WHO ARE THE ALT-RIGHT, AND WHAT DO THEY BELIEVE?

The alt-right is a movement that is difficult to distinguish, as the ever-expanding nature of the Internet means that online movements move quickly and without regard for those who try to document them.

What we know is that the phrase "alternative right" was created by white supremacist Richard Spencer in 2010. For Spencer, this was a phrase that summarized an "alternative" approach to politics, in contrast to the Republican's pre-Trump approach of leaving explicit white supremacist ideals off the table. Spencer sought to advocate for the "forgotten" white man, whose primary status in society was seen as being eroded by the gains that equality movements had gotten for women and people of color.

Over the course of the past decade, the alt-right movement has taken a variety of meanings, but its primary focus has always been on enforcing white nationalist beliefs. 

Alt-right is an umbrella term that captures within it a variety of sensibilities, attitudes, and belief systems. As other groups rise up and crop off of the alt-right movement, the identity of the white nationalist movement has become increasingly muddled and incoherent. The Proud Boys, an "ironic" "anti-political correctness" organization started by Gavin McInnes in 2016, claims to have been opposed to the "racist alt-right" since its inception, and yet it shares much of the same values (and some of the same membership). Online conspiracy groups who believe in Q-Anon and other theories also have members who claim to hate the alt-right, and yet their actions are eerily similar to those perpetrated by members of the alt-right.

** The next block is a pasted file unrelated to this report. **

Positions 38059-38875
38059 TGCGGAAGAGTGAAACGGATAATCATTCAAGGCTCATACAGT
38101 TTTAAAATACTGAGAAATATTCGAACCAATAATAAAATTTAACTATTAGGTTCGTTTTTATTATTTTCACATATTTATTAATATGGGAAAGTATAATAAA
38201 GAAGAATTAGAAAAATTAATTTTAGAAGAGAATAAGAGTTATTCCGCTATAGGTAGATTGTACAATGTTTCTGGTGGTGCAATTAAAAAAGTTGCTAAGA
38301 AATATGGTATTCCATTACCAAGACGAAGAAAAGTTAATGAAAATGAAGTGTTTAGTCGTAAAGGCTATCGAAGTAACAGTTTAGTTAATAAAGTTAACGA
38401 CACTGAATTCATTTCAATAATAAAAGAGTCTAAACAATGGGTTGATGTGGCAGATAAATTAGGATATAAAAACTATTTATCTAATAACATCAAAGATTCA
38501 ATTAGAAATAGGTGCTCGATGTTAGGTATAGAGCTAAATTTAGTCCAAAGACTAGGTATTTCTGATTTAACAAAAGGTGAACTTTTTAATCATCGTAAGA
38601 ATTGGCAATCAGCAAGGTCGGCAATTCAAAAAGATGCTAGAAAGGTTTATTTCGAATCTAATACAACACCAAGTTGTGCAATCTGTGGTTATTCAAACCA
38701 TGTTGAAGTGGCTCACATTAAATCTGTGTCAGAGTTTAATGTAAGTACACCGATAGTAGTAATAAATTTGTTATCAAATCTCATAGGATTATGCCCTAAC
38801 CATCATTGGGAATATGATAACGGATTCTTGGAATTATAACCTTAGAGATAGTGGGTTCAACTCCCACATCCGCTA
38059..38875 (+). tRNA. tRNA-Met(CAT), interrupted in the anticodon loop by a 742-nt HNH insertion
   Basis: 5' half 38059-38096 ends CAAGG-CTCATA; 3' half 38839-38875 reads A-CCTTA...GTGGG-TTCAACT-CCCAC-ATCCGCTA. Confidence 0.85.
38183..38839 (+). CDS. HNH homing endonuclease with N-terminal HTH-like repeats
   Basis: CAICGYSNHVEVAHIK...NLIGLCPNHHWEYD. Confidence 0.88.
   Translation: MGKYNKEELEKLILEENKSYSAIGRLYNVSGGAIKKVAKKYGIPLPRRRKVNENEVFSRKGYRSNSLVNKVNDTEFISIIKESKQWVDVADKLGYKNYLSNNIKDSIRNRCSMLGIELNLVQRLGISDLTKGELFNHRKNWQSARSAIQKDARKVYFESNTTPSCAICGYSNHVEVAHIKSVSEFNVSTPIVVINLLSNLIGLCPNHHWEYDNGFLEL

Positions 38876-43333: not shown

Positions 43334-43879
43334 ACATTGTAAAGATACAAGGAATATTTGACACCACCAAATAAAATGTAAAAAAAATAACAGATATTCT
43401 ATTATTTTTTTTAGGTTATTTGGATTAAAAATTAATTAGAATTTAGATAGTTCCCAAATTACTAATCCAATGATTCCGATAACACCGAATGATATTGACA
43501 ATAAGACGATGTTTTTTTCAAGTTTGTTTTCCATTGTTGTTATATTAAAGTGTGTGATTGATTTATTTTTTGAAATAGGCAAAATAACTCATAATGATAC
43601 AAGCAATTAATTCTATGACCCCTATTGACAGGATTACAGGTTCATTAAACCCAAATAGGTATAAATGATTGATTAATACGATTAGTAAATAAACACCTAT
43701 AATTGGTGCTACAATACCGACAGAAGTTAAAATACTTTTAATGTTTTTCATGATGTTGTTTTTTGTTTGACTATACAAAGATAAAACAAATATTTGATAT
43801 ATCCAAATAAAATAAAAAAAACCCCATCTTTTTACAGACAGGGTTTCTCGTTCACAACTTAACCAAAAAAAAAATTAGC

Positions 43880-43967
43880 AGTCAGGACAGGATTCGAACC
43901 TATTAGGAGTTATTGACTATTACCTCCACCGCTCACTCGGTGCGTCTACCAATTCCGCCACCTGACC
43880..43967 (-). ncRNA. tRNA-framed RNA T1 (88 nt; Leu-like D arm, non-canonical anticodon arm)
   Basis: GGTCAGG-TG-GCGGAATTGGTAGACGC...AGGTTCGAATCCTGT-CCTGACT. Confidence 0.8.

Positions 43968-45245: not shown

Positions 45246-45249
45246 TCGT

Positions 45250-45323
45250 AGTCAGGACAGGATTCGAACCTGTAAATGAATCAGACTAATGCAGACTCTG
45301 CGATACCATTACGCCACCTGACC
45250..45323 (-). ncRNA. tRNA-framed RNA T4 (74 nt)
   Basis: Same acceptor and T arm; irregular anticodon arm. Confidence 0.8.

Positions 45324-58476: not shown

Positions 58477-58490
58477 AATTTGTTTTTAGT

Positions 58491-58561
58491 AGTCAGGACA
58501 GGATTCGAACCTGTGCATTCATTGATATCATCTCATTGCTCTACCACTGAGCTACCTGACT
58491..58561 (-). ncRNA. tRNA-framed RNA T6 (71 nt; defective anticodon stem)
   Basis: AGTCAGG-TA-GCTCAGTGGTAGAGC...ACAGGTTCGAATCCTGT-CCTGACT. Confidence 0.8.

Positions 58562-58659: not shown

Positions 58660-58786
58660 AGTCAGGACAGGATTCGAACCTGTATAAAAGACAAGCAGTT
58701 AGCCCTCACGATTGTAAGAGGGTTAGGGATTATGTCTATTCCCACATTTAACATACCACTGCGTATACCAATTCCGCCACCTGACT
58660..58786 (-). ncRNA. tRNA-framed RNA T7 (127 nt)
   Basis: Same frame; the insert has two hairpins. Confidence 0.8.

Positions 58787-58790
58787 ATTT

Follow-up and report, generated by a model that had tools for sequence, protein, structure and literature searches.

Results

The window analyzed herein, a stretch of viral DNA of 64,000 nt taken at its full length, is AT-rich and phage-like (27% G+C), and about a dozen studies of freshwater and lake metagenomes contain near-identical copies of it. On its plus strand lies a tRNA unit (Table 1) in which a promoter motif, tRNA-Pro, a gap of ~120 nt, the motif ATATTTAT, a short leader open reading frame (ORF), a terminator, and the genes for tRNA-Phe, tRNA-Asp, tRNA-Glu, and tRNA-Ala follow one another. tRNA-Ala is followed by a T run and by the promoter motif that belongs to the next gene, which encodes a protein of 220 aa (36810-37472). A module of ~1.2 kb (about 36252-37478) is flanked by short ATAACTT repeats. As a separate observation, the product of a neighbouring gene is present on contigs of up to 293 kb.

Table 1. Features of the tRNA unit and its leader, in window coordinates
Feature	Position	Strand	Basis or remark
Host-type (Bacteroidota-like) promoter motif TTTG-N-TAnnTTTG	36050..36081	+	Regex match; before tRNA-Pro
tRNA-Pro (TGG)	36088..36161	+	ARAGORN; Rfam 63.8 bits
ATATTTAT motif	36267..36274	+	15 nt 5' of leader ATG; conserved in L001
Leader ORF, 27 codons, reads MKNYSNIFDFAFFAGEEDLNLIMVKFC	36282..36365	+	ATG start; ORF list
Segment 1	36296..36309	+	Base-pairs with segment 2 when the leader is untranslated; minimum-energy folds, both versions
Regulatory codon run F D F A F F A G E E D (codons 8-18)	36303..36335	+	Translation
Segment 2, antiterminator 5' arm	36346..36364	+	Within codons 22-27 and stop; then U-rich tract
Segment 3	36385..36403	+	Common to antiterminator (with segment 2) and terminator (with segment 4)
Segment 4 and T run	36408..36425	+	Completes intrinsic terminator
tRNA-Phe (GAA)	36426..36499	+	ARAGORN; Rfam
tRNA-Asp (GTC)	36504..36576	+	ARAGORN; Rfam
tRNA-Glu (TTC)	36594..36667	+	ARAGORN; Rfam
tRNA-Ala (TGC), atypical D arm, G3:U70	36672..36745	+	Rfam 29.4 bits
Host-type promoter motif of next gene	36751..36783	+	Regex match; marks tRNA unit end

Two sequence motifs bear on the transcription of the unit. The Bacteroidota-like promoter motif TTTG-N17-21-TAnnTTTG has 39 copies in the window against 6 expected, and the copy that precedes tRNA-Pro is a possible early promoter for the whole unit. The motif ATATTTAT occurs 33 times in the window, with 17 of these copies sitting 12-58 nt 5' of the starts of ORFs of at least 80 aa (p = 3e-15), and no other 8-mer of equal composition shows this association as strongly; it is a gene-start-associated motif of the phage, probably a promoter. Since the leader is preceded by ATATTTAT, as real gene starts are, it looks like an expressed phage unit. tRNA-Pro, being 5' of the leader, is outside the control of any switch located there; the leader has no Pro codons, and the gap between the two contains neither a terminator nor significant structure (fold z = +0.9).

The basic beliefs that appear to be shared by most members of the alt-right appear to be these, based on analysis of alt-right Twitter sentiment:

  • Opposition to immigration (coupled with opposition to Muslims and Muslim immigrants)

  • Embrace of conspiracy theories

  • Support for Donald Trump

The ideology of the alt-right is varied, but the language they use is often rooted in the white supremacist language from nearly 100 years ago; neo-Nazis and those who have anti-Semitic beliefs make up a sizeable, vocal portion of this group. At Charlottesville, many of those present at the "Tiki Torch Rally" shouted phrases that date back to Hitler's speeches and rallies. Anti-Black sentiment is also quite prevalent, with some members of the alt-right reacting angrily to the Black Lives Matter movement, believing that the movement devalues whiteness and white people. Popular hashtags in alt-right spheres of the internet include #itsokaytobewhite and #whitelivesmatter. The alt-right is a movement that is largely reactionary, acting and speaking out whenever equality movements become large. It is noteable that in Charlottesville, white nationalists were incensed by the city's desire to remove a Confederate monument. To members of the alt-right, this desire to replace monuments which uphold white supremacy is a direct attack.

 
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